On a family vacation to Juarez (Yikes! Long before the drug-violence of this century: double yikes!), our happy (?) group went to see the bull fights on a Sunday afternoon. In one of the prelims, the torreador y picadors were having a difficult time with an uncooperative bull. The air filled with whistles. One old coot in our group opined aloud that the whole affair was barbaric and shameful. An English-speaking (and patient) spectator in an adjacent seat discussed the parallels between bullfighting in Juarez with the NFL every Sunday in the fall. In Juarez, an animal suffered (doomed for the slaughterhouse otherwise) and in NFL stadiums human beings were maimed and severely injured with regularity. (Head trauma was still over the horizon of awareness.) Now, it's been more than a half-century since Paul "Bear" Bryant staged his "summer camp" for the Texas A&M football squad at the beginning of Bryant's brief time at A&M before "mother" (the Alabama Crimson Tide) called Bryant back home. Bottom line: after the brutality of the "summer camp" in Junction, TX, A&M won only one game (Georgia by 6 points.) and lost nine in Bryant's inaurgural season. Now, we are in the midst of "summer camps" all over the Land O'The Free and the Hone O'The Stupid. If this is (fair & balanced) blood-lust so be it.
Can Football Practice Be Child Abuse?
By Steve Almond
Tag Cloud of the following article
If you're one of the millions of fans who tunes into sports talk radio, chances are you've heard a lot of trash talk this week about Albert Haynesworth, the Washington Redskin's star nosetackle who has refused to practice for health reasons. The majority view on Haynesworth proffered by fat guys sitting in air conditioned studios, natch is that he's a spoiled brat who should quit moaning and hit the field.
This is invariably the message that gets sent when it comes to professional athletes. The ones who "play through pain" are heralded as paragons of manly virtue. It's a deceptive, dangerous message that hits home with the legions of high school athletes football players, in particular many of whom are now returning from their summer vacations to a world of vicious two-a-days.
A case in point: the two dozen young men who were admitted to a Portland-area hospital last week. All of them were players on the McMinnville High School football team, who had taken part in a weeklong immersion camp conducted by a new head coach. Three of the boys had to have emergency surgery to relieve swelling in their arms.
In fact, the players were suffering from exactly the same condition as Haynesworth, rhabdomyolysis, a breakdown of muscle cells tied to intense exercise in hot environments, that can cause severe kidney damage. Why? Among other factors, the team had spent time training in a room with a temperature of 115 degrees.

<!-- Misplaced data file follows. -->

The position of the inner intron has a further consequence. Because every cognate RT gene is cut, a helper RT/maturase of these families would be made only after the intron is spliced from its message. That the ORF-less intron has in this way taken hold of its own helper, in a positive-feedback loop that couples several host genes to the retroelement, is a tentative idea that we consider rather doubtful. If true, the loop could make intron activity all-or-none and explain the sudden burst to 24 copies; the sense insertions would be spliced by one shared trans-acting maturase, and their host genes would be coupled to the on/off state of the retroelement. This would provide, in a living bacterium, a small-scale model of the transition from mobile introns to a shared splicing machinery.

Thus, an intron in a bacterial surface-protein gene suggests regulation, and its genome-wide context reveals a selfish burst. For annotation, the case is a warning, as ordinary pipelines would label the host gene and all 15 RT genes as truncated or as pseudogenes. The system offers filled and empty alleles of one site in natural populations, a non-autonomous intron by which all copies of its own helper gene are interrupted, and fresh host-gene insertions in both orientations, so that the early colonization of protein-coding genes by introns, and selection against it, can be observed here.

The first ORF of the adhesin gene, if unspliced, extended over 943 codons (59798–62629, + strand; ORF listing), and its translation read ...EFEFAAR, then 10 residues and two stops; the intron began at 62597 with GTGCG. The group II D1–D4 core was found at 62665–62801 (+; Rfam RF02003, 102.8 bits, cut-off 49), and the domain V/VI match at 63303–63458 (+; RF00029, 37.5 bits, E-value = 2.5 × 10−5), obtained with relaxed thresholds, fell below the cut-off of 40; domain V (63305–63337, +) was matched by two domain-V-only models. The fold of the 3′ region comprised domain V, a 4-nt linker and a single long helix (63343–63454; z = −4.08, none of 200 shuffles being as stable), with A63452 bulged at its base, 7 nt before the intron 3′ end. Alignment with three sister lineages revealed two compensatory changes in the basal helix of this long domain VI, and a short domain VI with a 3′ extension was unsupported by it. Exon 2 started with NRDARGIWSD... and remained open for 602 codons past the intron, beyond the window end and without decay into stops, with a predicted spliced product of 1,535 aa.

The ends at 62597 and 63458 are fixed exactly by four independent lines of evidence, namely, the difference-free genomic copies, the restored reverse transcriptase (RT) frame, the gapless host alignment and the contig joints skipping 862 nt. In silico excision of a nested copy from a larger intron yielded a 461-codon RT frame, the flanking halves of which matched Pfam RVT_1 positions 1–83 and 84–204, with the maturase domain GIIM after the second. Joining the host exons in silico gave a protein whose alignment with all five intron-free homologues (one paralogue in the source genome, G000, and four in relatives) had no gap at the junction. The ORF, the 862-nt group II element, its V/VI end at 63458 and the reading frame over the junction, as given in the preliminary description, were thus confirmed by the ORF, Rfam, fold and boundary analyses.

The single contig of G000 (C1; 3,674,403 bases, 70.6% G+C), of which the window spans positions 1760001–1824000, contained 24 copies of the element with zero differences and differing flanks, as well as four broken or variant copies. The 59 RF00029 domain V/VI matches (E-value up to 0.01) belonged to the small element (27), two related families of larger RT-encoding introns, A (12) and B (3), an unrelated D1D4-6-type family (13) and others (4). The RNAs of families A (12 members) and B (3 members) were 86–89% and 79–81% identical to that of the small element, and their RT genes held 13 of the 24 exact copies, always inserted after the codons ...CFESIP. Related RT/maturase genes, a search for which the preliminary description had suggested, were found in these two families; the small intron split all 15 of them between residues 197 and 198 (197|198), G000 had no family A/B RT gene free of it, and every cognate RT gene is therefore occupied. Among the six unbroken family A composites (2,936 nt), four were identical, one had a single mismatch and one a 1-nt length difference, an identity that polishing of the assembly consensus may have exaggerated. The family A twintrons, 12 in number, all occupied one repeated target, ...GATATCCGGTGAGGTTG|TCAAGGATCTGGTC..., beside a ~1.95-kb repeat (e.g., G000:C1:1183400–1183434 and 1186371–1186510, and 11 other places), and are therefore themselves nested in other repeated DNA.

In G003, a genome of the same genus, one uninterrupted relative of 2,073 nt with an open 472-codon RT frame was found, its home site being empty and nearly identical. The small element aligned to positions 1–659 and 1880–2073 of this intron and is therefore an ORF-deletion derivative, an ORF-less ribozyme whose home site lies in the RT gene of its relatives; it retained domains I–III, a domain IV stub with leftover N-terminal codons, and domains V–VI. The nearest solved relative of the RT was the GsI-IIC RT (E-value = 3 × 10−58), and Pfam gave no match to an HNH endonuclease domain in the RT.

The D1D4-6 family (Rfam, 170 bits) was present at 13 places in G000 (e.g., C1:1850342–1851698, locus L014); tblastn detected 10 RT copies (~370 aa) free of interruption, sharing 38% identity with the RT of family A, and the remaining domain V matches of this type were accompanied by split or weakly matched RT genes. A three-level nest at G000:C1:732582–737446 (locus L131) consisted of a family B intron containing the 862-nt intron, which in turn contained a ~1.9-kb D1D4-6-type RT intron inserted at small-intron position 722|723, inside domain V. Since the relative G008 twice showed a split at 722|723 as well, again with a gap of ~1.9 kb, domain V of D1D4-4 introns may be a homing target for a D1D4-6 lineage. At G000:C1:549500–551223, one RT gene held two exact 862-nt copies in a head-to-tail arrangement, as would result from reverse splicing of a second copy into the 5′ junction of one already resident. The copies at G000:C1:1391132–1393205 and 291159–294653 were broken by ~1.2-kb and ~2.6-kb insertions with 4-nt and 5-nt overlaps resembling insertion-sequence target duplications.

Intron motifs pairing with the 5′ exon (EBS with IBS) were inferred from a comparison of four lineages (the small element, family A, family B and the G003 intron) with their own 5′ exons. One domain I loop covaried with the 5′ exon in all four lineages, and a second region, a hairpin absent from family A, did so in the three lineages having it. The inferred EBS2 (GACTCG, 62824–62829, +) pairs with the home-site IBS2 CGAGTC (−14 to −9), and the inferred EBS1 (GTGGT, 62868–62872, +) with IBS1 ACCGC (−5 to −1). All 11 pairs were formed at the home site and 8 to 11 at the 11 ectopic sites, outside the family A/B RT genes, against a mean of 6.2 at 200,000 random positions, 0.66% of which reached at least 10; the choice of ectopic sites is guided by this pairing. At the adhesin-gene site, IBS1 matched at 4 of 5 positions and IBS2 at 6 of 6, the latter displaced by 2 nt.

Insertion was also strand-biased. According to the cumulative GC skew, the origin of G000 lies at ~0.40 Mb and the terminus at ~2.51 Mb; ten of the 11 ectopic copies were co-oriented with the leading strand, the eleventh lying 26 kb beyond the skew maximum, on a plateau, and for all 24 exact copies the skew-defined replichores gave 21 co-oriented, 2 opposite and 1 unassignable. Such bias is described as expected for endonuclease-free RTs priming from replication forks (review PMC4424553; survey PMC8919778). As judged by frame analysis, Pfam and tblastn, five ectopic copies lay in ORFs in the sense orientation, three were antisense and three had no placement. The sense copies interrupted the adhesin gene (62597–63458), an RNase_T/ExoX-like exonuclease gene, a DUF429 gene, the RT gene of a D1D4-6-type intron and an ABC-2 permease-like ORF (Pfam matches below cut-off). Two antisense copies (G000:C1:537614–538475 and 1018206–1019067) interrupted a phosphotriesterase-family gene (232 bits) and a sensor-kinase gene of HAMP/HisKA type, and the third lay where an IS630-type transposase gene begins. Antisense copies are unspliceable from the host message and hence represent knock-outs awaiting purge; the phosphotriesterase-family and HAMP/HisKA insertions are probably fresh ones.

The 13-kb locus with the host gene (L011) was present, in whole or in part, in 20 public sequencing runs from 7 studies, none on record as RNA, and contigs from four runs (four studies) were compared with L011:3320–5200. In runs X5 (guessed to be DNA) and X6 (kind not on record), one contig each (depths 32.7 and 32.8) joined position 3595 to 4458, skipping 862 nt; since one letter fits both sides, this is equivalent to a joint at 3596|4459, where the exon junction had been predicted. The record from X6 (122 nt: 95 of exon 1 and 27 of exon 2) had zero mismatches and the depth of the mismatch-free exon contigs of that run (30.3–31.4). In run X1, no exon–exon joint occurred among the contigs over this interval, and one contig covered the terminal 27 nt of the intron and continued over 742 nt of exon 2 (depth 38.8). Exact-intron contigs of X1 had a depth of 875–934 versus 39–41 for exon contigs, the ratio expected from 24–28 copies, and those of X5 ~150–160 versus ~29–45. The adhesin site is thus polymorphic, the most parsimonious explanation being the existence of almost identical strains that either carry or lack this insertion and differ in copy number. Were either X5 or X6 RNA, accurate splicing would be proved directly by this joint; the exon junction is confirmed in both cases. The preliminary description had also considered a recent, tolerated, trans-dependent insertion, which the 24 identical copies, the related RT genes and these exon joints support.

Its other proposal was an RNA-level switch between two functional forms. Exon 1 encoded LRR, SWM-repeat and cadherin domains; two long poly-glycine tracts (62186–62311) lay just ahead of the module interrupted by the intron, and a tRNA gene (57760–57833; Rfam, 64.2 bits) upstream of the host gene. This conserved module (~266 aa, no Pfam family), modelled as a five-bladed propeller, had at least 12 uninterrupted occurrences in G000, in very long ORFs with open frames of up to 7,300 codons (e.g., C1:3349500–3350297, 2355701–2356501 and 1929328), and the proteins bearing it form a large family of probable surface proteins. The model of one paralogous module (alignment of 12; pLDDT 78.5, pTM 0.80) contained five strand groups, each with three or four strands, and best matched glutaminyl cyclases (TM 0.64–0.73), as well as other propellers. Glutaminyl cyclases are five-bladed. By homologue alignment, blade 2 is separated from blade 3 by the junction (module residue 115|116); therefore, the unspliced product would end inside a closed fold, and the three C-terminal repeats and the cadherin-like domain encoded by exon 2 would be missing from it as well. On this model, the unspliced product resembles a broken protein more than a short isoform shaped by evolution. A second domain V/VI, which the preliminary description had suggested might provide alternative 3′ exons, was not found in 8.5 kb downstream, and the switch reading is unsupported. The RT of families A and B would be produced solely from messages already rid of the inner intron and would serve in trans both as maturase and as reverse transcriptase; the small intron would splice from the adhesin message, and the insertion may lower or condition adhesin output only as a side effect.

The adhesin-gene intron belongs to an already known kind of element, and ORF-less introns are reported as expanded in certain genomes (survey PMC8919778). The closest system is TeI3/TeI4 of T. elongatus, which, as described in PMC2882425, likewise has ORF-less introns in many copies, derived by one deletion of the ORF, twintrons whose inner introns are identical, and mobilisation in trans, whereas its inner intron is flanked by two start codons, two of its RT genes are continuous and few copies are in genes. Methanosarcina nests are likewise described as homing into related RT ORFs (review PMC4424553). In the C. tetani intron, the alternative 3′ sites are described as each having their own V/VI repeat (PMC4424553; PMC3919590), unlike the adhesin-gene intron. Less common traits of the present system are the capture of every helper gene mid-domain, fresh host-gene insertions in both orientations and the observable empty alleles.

Here's how one of them, 17-year-old Brent Cordie, characterized the situation: "I was trying to prove to the coaches I can push myself to the max. I wanted to be one of the eleven on Friday night."
Pundits have been quick to lay blame in McMinnville, saying, in essence, protect those poor chil'runs!
But every year high school football players eagerly subject themselves to injuries ranging from heat exhaustion to torn ligaments to concussions and spinal injuries. They are encouraged in this endeavor not just by overzealous coaches, but an entire culture of athletic worship that sanctions behaviors that would be seen, in almost any other context, as child abuse.
Buzz Bissinger, who wrote the definitive account of high school football, Friday Night Lights, recently wrote a wrenching piece highlighting the tragedy of high school players who suffer paralyzing injuries. "The game's violence will continue because that's exactly why we like it, our gladiatorial lust still intact 16 centuries after the Romans," Bissinger observes.
Does anyone else here smell a double standard?
Given the obsession with protecting children from harm in the form of peanut allergens, sexual predators, and so on wouldn't concerned parents and politicians might want to transfer some of that vigilance to a sport that results in children getting disfigured and killed? That is, in fact, predicated on what Bissinger accurately characterizes as "gladiatorial lust"? (I mean, Michael Vick was made a pariah for conducting dog fights. What does that those of us who get off on watching kids deck each other?)
But this is how our culture operates. We scold violence out of one side of our mouth, and cheer for blood out of the other.
The hit TV series based on Bissinger's own book is the quintessential example. Way back in the pilot episode, the star quarterback suffered a paralyzing spinal injury. The next week, his teammates were back in action, ready to "play through the pain" and prove themselves in battle. And we were there to watch and cheer. Ω
[Steve Almond is a short story writer and essayist who received his undergraduate degree at Wesleyan University. Almond served as adjunct professor in creative writing at Boston College for five years until publishing an open letter of resignation in the The Boston Globe on May 12, 2006, in which he explained that his resignation was intended to protest the selection of Condoleezza Rice as the college's 2006 commencement guest speaker. His most recent book is Rock and Roll Will Save Your Life (2010).]
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Sapper's (Fair & Balanced) Rants & Raves by Neil Sapper is licensed under a Creative Commons Attribution-Noncommercial-No Derivative Works 3.0 United States License. Based on a work at sapper.blogspot.com. Permissions beyond the scope of this license may be available here.
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